• Publication titles: Give the initial letter of the first title word a capital letter, with lower-case letters for the remainder of the title. Proper names are the exception to this rule. You should not underline titles or put them in italics. Where book editions apply, these should be displayed in abbreviated form after the title (1st ed.).

Information on Different Types of Publications 

  • Published books: Add a period (full stop) and space after the title of the book and edition (where applicable). This should be followed by the city where the book was published. If a city’s name is not commonly-known, or is likely to be confusing, use the state’s abbreviated form (for the United States), or the province for books published in Canada.  For other countries, add the country name. A colon should follow the city, state, province or country’s name. Include the name of the book’s publisher as displayed in the publication with a colon following it. Where an author is the same as the publisher simply include part of the name of the applicable publisher. Then include the year the book was published with a period following it. If the date of publication is not available but a copyright date exists, use the latter with a “c” before it to denote its type e.g. c2000.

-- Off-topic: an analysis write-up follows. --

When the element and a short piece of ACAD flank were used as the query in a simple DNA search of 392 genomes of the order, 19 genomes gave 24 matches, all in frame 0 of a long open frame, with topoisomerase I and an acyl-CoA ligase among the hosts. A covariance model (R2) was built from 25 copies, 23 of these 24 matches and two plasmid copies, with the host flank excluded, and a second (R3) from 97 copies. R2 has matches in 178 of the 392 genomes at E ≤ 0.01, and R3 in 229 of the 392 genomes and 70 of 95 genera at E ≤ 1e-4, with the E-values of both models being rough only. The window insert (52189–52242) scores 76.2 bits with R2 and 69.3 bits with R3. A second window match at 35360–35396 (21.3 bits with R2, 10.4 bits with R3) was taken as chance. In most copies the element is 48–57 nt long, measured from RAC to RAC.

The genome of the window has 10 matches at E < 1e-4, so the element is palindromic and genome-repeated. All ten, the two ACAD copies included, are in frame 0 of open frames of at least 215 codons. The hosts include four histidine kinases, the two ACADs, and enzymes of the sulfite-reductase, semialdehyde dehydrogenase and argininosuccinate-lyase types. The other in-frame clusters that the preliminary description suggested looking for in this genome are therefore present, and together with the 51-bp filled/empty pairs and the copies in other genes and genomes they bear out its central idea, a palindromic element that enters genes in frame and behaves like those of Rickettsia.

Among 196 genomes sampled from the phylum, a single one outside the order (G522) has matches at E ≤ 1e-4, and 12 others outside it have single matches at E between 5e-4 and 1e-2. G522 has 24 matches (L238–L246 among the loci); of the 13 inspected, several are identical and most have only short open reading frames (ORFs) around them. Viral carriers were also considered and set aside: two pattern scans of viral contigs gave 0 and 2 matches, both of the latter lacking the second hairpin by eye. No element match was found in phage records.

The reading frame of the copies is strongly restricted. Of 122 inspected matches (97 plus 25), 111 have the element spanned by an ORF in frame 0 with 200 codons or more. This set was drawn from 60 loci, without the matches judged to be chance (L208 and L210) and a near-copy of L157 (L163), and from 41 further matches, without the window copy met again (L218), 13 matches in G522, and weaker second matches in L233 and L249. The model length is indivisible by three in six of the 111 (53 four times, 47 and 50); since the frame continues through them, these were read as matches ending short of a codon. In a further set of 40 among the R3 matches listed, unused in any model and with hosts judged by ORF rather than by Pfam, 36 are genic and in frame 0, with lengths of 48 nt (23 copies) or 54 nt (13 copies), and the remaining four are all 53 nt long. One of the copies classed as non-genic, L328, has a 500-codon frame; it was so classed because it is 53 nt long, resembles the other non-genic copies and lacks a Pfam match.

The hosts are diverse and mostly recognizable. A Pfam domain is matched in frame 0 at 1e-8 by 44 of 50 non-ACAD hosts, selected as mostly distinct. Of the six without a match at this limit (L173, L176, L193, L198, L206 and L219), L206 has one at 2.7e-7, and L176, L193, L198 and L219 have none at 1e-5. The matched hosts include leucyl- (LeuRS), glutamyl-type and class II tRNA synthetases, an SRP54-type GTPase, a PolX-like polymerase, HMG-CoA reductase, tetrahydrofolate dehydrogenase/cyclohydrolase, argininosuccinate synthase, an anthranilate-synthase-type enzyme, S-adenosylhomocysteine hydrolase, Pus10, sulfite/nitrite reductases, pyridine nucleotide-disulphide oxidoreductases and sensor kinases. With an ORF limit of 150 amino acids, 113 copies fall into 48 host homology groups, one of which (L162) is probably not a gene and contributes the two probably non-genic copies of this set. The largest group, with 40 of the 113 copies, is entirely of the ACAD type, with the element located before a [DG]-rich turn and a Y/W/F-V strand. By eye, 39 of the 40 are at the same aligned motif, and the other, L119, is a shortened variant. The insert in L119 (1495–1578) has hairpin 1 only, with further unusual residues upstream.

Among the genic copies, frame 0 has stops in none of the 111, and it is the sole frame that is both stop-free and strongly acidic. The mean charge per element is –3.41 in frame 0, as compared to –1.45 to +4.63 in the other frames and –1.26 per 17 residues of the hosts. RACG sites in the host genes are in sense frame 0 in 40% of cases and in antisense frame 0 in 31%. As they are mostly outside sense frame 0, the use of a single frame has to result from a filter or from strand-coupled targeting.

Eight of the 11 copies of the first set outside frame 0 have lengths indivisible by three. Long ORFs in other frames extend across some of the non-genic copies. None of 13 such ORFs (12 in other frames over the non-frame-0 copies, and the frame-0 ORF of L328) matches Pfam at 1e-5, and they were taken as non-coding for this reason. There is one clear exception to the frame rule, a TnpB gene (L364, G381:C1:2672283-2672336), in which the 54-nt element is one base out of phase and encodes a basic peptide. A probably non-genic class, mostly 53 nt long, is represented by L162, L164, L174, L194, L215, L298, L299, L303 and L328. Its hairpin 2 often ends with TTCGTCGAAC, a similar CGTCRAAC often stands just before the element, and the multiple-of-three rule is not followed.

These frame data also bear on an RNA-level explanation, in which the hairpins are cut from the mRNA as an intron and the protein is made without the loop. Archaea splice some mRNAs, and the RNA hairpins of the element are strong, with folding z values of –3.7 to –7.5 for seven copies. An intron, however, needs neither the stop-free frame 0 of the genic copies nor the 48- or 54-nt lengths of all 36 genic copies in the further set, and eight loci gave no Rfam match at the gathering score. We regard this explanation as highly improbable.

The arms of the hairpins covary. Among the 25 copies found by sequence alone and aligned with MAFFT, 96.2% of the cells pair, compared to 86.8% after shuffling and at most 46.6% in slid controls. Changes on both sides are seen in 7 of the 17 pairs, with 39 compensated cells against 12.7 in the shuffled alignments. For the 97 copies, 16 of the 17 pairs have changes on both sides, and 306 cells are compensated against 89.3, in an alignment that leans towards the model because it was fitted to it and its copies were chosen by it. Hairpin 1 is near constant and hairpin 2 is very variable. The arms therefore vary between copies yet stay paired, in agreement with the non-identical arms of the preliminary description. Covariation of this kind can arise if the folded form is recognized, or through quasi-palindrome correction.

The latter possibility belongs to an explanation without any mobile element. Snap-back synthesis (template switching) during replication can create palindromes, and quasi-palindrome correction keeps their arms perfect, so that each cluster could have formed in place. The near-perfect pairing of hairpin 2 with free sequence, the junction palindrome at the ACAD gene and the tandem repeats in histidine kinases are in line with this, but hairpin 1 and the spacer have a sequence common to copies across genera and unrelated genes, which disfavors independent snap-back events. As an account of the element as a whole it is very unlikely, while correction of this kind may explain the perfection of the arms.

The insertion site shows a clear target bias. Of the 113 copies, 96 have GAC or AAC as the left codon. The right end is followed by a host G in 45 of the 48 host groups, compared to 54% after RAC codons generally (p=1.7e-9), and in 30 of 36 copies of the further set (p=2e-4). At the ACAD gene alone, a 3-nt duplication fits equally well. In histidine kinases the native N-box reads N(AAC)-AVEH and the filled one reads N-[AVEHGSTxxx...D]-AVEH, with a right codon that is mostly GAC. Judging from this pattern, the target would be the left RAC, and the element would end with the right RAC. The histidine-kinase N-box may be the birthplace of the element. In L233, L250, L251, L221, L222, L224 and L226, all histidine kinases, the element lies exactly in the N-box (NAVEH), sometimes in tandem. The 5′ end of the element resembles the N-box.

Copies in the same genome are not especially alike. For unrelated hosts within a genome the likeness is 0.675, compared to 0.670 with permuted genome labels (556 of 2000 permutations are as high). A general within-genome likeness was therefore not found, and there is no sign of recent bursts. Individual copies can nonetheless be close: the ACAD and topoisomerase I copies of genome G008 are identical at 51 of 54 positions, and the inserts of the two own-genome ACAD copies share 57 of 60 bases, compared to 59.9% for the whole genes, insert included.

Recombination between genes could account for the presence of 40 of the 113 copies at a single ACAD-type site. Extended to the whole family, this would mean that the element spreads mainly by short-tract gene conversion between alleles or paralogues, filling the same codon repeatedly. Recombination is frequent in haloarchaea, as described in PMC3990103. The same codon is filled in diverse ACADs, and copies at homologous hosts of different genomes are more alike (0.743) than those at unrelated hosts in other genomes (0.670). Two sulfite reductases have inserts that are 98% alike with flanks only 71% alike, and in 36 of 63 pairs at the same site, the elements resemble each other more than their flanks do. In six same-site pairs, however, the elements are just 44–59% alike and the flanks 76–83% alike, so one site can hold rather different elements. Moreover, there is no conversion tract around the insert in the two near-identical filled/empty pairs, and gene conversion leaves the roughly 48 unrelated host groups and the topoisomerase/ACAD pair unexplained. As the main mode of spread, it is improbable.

• Published journals: List journals by their abbreviated titles and follow this information with a period, then a space. Next you should list the year the journal was published (including, where applicable, the abbreviated version of the day and the month of publication). This is followed by a semicolon, volume (vol.), issue number (parenthesized), colon, page number or page range, and lastly a period (full stop). The following example is fictional and shows a citation entry for a journal: Brain Diag. 2002;750(1-5):20-2. NB: You may omit issue numbers where there is continuous pagination given in a journal.

Look in the Medline Journals Database to find abbreviated journal titles. Where a title cannot be found, abbreviate your journal title in the manner other titles are abbreviated in the database.

Page numbers/ranges. When quoting from journals, use the full page range for an article and not just the page where specific information is located e.g. 125-9 or 217-22 for pages 125 to 129 and page 217 to page 222 respectively. Page numbers need not be provided for books except where dictionary entries or chapters with separate authors are used. 

  • Information published online: Generally speaking you should use the same pieces of information you would use for print-version sources with a link at the end to allow readers to retrieve the information.

When referring to online books or journal articles, place the word ‘Internet’ in square brackets after the journal’s abbreviated title.

Included the date of publication followed by the term ‘cited’ (in square brackets), and then the retrieval date.

To allow information to be retrieved, provide the complete URL at the end of your citation. URLs do not usually end with a punctuation mark, but if there is a slash, you can add a full stop (period).

Optionally add any DOI that exists at the end of other retrieval information.

If a URL requires special access, you may add a short explanatory note to this effect.